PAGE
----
Report: Republican Governors Association cutting back spending in support of Scott Walker re-election effort

Scott Walker is fighting for his political life in Wisconsin, tied with heiress Mary Burke in the Real Clear Politics average of polls.  Walker bravely took on the government employee unions, and won victories that have enabled people who don’t want to be forced into unions to stay out, and that have saved school districts millions. Allowing teachers and other government workers the freedom to not associate with Democrat-supporting unions has also crippled the money machine that launders payrolls into union dues, and then into Democratic Party political funds.

In other words, Scott Walker has taken the fight to the corrupt process that forces people to support political views they disagree with, and in the process has changed the power equation. For this reason, he is target number one among Republican governors.

This is why it is so distrubing to read this report by respected political reporters Stephen Hayes and John McCormack in The Weekly Standard, who write that it appears that, despite claims to the contrary, the Republican Governors Association, led by Chris Christie, is cutting back on spending for Walker’s reelection in the home stretch.

Robert Costa of the Washington Post reported that RGA officials told him “their original plan had been to spend about $900,000 on the Wisconsin airwaves in the campaign’s closing days. But after internal deliberations and tightening polls, that amount has been increased to $2 million.”

That’s pretty close to the opposite of what we were told.

Our “GOP source with knowledge of RGA spending” told us: “We have another $4-5 million in TV ad time reserved for these last two weeks.” So if the RGA is committing to just $2 million now – that’s not an increase over their original amount, as RGA officials told the Post, it would appear to be a significant reduction.

What's more, Wisconsin GOP sources dispute the RGA's claim to have spent $6 million to date, putting the figure at closer to $3 million.

This is disturbing, but not conclusive:

We'll have more clarity on this spending after the election, when final FEC reports are published. But even if we accept the RGA's new claim to the Postat face value--that they'll spend "$8 million in total in Wisconsin" by the end of the campaign--the RGA is now conceding that they are spending more on Michigan ($10 million to date) than Wisconsin.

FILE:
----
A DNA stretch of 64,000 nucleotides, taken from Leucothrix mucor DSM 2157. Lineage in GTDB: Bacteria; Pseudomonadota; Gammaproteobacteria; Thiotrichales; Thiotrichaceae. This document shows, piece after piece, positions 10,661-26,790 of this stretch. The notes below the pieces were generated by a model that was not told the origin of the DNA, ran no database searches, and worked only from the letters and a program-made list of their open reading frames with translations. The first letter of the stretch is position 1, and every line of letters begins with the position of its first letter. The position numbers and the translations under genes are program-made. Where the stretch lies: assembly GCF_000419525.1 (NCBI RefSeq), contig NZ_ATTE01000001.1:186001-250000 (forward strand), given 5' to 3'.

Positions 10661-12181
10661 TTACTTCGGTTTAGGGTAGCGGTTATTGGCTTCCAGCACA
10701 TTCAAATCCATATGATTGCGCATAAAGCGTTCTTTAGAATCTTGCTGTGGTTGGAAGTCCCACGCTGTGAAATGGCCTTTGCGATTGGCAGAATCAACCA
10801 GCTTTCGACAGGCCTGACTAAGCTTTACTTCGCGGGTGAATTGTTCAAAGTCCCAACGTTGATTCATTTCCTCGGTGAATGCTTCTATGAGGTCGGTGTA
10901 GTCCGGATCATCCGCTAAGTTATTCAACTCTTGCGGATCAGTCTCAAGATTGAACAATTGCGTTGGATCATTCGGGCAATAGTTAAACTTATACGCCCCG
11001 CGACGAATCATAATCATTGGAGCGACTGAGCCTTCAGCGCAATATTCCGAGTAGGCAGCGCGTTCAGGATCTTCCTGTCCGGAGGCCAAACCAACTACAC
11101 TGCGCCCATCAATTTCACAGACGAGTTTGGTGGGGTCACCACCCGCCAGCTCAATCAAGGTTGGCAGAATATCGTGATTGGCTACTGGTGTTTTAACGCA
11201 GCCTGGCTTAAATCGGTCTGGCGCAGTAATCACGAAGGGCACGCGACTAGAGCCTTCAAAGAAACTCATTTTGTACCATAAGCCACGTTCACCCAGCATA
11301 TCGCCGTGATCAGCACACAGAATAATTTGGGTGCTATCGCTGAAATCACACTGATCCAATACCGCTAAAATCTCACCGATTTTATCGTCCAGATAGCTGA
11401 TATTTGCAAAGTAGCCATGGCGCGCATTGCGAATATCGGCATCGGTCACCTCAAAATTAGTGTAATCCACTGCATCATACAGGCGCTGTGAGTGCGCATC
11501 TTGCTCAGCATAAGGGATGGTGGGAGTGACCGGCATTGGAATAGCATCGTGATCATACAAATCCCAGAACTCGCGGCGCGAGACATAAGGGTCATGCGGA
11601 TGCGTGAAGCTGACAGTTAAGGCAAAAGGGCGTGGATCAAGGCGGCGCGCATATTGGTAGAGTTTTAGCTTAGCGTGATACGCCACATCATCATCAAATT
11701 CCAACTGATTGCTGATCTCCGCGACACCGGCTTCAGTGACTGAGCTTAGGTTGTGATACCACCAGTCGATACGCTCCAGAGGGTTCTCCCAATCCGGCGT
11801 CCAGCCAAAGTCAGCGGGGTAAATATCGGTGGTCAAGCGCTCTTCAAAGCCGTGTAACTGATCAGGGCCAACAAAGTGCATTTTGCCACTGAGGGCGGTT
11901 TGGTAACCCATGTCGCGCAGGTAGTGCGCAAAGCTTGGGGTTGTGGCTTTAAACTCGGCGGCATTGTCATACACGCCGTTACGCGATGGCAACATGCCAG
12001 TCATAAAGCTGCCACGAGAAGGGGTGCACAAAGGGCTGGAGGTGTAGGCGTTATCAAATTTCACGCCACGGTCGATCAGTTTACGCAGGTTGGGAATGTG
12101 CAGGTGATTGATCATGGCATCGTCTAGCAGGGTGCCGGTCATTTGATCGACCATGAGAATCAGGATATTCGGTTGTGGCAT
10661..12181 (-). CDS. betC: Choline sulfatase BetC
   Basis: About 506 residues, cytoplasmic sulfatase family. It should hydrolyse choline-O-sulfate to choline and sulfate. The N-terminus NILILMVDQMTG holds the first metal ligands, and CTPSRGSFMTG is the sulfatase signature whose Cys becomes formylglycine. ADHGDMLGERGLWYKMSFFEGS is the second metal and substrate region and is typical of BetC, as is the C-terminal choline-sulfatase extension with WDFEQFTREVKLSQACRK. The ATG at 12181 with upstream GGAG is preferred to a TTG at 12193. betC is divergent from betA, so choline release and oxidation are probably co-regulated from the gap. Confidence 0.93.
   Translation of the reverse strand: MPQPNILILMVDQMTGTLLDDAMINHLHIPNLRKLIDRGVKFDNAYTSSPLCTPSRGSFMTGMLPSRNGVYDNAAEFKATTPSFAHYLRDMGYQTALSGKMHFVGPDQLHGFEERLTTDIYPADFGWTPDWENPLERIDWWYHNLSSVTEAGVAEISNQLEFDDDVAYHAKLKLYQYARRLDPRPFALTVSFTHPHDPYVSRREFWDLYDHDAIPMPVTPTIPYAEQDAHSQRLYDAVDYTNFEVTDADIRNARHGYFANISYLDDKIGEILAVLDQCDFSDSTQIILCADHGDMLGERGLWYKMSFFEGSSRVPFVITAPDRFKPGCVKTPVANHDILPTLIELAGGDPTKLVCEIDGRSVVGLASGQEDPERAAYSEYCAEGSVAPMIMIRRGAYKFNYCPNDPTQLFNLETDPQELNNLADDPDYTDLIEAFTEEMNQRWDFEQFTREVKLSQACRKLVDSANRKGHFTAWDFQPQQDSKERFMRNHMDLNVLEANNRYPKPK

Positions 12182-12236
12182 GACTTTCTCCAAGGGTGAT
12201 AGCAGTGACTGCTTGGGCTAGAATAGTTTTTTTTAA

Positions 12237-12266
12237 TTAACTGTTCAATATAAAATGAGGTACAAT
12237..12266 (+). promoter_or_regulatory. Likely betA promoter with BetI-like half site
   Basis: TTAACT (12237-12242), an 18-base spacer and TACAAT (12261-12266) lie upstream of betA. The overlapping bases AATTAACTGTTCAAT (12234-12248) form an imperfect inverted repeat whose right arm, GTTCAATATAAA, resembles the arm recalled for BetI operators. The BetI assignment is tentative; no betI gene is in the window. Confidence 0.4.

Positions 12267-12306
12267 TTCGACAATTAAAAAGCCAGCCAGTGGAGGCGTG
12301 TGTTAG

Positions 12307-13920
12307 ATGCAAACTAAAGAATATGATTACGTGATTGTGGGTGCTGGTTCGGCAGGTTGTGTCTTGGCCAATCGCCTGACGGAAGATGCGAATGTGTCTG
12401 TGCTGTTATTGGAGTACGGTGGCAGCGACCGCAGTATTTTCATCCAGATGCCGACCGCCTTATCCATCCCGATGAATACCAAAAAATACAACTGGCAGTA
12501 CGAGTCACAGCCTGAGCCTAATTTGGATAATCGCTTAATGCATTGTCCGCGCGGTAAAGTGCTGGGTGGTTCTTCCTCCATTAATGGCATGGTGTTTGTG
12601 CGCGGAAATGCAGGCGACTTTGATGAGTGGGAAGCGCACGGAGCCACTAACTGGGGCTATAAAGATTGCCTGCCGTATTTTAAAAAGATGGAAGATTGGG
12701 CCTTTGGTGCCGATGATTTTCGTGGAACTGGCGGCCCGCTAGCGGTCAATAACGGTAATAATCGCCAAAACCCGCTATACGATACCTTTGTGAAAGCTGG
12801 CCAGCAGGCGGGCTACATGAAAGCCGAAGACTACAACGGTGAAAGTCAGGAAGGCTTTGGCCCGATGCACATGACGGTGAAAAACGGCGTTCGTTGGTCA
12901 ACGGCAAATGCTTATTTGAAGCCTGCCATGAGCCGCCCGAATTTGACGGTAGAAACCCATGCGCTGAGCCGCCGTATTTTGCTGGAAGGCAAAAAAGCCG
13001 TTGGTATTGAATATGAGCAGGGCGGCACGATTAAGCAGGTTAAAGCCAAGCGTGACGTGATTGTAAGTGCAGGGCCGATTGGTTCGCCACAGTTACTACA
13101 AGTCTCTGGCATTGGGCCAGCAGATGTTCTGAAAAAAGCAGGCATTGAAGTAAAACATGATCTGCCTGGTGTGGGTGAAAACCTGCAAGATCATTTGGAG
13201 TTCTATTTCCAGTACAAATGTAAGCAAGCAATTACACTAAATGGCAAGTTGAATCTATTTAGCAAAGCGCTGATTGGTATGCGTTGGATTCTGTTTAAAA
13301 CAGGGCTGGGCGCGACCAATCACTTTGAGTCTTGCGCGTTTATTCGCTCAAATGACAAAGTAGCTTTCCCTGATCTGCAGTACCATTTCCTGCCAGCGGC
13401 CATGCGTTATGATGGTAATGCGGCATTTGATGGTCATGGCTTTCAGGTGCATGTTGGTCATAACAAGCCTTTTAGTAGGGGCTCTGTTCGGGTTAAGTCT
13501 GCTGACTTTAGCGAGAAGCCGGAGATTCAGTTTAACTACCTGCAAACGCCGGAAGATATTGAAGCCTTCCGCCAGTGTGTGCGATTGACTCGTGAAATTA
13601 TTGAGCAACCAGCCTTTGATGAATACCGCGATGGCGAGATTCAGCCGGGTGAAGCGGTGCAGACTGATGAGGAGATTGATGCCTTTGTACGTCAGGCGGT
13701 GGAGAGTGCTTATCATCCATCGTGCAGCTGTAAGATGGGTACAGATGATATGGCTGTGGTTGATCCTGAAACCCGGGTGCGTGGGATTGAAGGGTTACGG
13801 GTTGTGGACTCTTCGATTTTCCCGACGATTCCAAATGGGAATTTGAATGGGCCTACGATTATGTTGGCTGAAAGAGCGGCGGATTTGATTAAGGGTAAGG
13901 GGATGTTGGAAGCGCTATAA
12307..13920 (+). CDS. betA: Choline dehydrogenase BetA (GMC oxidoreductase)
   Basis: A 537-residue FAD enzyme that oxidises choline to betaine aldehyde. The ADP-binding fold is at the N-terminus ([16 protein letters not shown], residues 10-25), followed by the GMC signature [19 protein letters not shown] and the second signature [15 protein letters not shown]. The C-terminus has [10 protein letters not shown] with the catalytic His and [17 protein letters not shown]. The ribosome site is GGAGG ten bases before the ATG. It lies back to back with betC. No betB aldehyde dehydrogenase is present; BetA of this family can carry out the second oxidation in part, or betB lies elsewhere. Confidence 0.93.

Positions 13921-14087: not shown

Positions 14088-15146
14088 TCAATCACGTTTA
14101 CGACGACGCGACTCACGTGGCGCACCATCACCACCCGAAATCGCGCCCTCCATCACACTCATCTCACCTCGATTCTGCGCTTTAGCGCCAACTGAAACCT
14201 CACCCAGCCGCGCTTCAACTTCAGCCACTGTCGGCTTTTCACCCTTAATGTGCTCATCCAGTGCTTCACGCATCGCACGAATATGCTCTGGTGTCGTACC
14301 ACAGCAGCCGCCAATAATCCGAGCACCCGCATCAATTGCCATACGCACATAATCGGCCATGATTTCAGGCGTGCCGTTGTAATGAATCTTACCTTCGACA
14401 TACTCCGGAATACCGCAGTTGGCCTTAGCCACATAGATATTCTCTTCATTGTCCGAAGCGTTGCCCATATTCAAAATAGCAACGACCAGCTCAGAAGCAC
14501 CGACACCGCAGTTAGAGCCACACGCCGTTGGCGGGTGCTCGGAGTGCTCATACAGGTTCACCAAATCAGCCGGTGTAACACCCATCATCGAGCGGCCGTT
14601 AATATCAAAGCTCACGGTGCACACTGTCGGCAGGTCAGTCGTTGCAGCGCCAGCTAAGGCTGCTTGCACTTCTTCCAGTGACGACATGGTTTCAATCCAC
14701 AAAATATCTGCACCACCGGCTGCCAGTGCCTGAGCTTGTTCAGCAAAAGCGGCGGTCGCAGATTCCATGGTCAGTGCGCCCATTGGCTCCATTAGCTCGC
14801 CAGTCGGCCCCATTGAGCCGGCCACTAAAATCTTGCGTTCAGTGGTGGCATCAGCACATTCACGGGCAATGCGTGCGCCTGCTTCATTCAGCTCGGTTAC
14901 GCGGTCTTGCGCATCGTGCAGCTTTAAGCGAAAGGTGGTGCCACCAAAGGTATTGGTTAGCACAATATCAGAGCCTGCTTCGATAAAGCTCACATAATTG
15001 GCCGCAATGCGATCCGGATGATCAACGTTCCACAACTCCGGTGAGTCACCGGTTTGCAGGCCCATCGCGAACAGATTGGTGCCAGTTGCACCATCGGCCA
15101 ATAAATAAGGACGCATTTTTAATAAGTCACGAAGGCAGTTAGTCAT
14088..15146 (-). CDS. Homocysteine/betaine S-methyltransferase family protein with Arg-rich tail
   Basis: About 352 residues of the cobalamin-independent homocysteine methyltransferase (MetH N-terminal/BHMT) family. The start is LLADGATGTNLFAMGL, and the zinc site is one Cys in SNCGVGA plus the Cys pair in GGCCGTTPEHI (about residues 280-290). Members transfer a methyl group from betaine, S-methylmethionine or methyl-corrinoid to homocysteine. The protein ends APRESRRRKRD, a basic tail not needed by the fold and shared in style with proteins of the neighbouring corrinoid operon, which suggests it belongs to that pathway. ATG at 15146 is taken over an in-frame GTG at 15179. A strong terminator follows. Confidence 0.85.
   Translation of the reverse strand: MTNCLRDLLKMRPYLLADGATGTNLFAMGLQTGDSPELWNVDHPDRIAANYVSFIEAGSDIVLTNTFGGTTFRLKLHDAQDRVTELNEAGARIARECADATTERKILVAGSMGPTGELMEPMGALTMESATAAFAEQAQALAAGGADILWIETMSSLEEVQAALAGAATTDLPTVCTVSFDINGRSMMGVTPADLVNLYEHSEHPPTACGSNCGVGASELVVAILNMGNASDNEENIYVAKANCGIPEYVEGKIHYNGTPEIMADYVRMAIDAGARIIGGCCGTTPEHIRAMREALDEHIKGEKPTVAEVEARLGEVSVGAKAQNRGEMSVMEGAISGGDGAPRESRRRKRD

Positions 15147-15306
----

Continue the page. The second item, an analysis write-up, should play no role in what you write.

Michigan is a bigger state in population, but GOP Governor Rick Snyder has a 5.6% lead in the RCP average of polls.

If Walker wins re-election, he could be a formidable challenger for the 2016 presidential nomination. He deserves the utmost support.

Scott Walker is fighting for his political life in Wisconsin, tied with heiress Mary Burke in the Real Clear Politics average of polls.  Walker bravely took on the government employee unions, and won victories that have enabled people who don’t want to be forced into unions to stay out, and that have saved school districts millions. Allowing teachers and other government workers the freedom to not associate with Democrat-supporting unions has also crippled the money machine that launders payrolls into union dues, and then into Democratic Party political funds.

In other words, Scott Walker has taken the fight to the corrupt process that forces people to support political views they disagree with, and in the process has changed the power equation. For this reason, he is target number one among Republican governors.

This is why it is so distrubing to read this report by respected political reporters Stephen Hayes and John McCormack in The Weekly Standard, who write that it appears that, despite claims to the contrary, the Republican Governors Association, led by Chris Christie, is cutting back on spending for Walker’s reelection in the home stretch.

Robert Costa of the Washington Post reported that RGA officials told him “their original plan had been to spend about $900,000 on the Wisconsin airwaves in the campaign’s closing days. But after internal deliberations and tightening polls, that amount has been increased to $2 million.”

That’s pretty close to the opposite of what we were told.

Our “GOP source with knowledge of RGA spending” told us: “We have another $4-5 million in TV ad time reserved for these last two weeks.” So if the RGA is committing to just $2 million now – that’s not an increase over their original amount, as RGA officials told the Post, it would appear to be a significant reduction.

What's more, Wisconsin GOP sources dispute the RGA's claim to have spent $6 million to date, putting the figure at closer to $3 million.

This is disturbing, but not conclusive:

We'll have more clarity on this spending after the election, when final FEC reports are published. But even if we accept the RGA's new claim to the Postat face value--that they'll spend "$8 million in total in Wisconsin" by the end of the campaign--the RGA is now conceding that they are spending more on Michigan ($10 million to date) than Wisconsin.

Michigan is a bigger state in population, but GOP Governor Rick Snyder has a 5.6% lead in the RCP average of polls.

If Walker wins re-election, he could be a formidable challenger for the 2016 presidential nomination. He deserves the utmost support.